Speaking after the release of the report, Litvinenko’s wife, Marina, said she was “very pleased that the words my husband spoke on his deathbed, when he accused Putin, have been proved by an English court.”
Litvinenko died 22 days after ingesting green tea laced with polonium 210 — a rare and highly toxic isotope in the company of two Russian associates, Andrei K. Lugovoi and Dmitri V. Kovtun. He was 43. The three men had met in the Pine Bar of the Millennium Hotel in London.
Lugovoi, now a member of parliament in Russia, said the accusation that he murdered Litvinenko was “absurd,” the Russian news agency Interfax reported, and a Kremlin spokesman, Dmitry S. Peskov, said the Litvinenko case “is not among the topics that interest us.”
The inquiry was called after years of dogged efforts by Litvinenko to press for a full accounting of her husband’s death. The British police have accused Lugovoi and Kovtun of murder, charges they deny. The killing also raised questions in London about the potential involvement of Nikolai Patrushev, the head of Russia’s FSB security service, the domestic successor to the KGB, at the time of Litvinenko’s death, and Putin.
“Taking full account of all the evidence and analysis available to me,” Owen said in the report, “I find that the FSB operation to kill Mr. Litvinenko was probably approved by Mr. Patrushev and also by President Putin.”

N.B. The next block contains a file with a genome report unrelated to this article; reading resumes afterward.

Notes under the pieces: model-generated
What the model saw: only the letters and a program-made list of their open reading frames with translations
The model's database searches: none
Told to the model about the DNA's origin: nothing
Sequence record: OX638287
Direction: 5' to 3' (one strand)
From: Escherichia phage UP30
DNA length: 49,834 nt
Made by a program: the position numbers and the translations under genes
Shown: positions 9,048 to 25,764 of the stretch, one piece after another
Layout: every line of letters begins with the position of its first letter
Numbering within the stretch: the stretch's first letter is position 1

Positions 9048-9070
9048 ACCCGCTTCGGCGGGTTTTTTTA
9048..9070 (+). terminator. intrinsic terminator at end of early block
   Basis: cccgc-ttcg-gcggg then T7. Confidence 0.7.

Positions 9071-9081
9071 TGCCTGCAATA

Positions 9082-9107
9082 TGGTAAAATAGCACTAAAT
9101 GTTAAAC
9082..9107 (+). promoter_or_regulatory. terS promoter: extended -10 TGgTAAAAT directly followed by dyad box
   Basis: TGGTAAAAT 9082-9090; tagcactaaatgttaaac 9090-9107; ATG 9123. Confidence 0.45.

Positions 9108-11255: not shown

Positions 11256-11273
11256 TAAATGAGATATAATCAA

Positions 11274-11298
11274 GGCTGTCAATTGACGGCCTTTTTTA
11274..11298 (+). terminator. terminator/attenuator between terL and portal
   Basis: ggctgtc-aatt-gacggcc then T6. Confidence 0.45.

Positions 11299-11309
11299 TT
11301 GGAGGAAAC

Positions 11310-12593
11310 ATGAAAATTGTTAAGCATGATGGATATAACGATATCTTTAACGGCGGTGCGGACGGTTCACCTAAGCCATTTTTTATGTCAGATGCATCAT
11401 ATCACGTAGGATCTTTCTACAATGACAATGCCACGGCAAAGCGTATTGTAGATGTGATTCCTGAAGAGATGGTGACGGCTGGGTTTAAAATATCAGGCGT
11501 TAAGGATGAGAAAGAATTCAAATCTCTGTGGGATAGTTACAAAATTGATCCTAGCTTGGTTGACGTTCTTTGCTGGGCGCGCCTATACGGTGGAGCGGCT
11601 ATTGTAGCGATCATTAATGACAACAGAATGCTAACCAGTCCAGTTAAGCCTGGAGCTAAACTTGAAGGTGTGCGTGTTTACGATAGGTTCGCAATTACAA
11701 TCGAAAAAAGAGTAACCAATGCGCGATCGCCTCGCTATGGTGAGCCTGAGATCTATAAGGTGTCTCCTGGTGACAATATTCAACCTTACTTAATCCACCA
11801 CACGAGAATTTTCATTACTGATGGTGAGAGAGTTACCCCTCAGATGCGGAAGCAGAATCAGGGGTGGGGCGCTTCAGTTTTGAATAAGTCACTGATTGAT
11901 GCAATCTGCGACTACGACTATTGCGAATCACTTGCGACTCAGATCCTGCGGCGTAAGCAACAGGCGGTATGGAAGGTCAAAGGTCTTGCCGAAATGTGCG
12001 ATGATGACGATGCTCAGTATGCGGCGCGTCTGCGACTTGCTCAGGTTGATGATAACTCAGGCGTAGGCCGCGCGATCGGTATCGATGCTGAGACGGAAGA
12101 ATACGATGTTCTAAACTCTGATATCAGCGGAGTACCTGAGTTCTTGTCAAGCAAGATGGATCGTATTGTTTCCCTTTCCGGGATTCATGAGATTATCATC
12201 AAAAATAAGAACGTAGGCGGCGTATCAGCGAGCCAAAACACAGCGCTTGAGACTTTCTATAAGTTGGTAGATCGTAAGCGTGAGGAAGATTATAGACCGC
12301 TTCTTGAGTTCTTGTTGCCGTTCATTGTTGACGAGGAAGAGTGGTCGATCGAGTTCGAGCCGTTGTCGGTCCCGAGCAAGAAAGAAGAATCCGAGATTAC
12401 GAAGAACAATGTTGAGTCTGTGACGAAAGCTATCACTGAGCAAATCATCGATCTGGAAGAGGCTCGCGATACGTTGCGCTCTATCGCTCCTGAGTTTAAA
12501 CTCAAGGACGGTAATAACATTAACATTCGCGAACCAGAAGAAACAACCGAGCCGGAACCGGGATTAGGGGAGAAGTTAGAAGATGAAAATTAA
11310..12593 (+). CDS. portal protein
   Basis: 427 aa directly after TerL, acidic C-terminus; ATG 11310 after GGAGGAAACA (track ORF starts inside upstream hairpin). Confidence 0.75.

Although the wording seemed to suggest a degree of caution, the report left no doubt that Litvinenko’s death had, in the judge’s view, been an act of murder planned by a Russian state agency.
“I am sure that Mr. Lugovoi and Mr. Kovtun placed the polonium 210 in the teapot at the Pine Bar” on Nov. 1, 2006, Owen’s report said. “I am sure that Mr. Lugovoi and Mr. Kovtun knew that they were using a deadly poison.”
He added: “I am sure that Mr. Lugovoi and Mr. Kovtun were acting on behalf of others when they poisoned Mr. Litvinenko.”
Owen suggested, however, that the two men were not aware “precisely what the chemical that they were handling was, or the nature of all its properties.”
As motives for Litvinenko’s poisoning, Owen listed various possible factors, including a belief that he had betrayed the FSB during his time working for the organization as an investigator in Moscow and had begun to work for British intelligence after he fled in 2000.
He was also a close associate of prominent opponents of the Kremlin based in London, including Boris Berezovsky, a former oligarch and enemy of Putin’s who died in 2013, the report said.
“Finally, there was undoubtedly a personal dimension to the antagonism between Mr. Litvinenko on one hand and President Putin on the other,” the report said.
It excluded any role in the poisoning by the British security services, organized crime gangs, Berezovsky or other associates of Litvinenko.
In a deathbed statement, Litvinenko had denounced Putin and accused him of murder — a charge the Russian leader denied.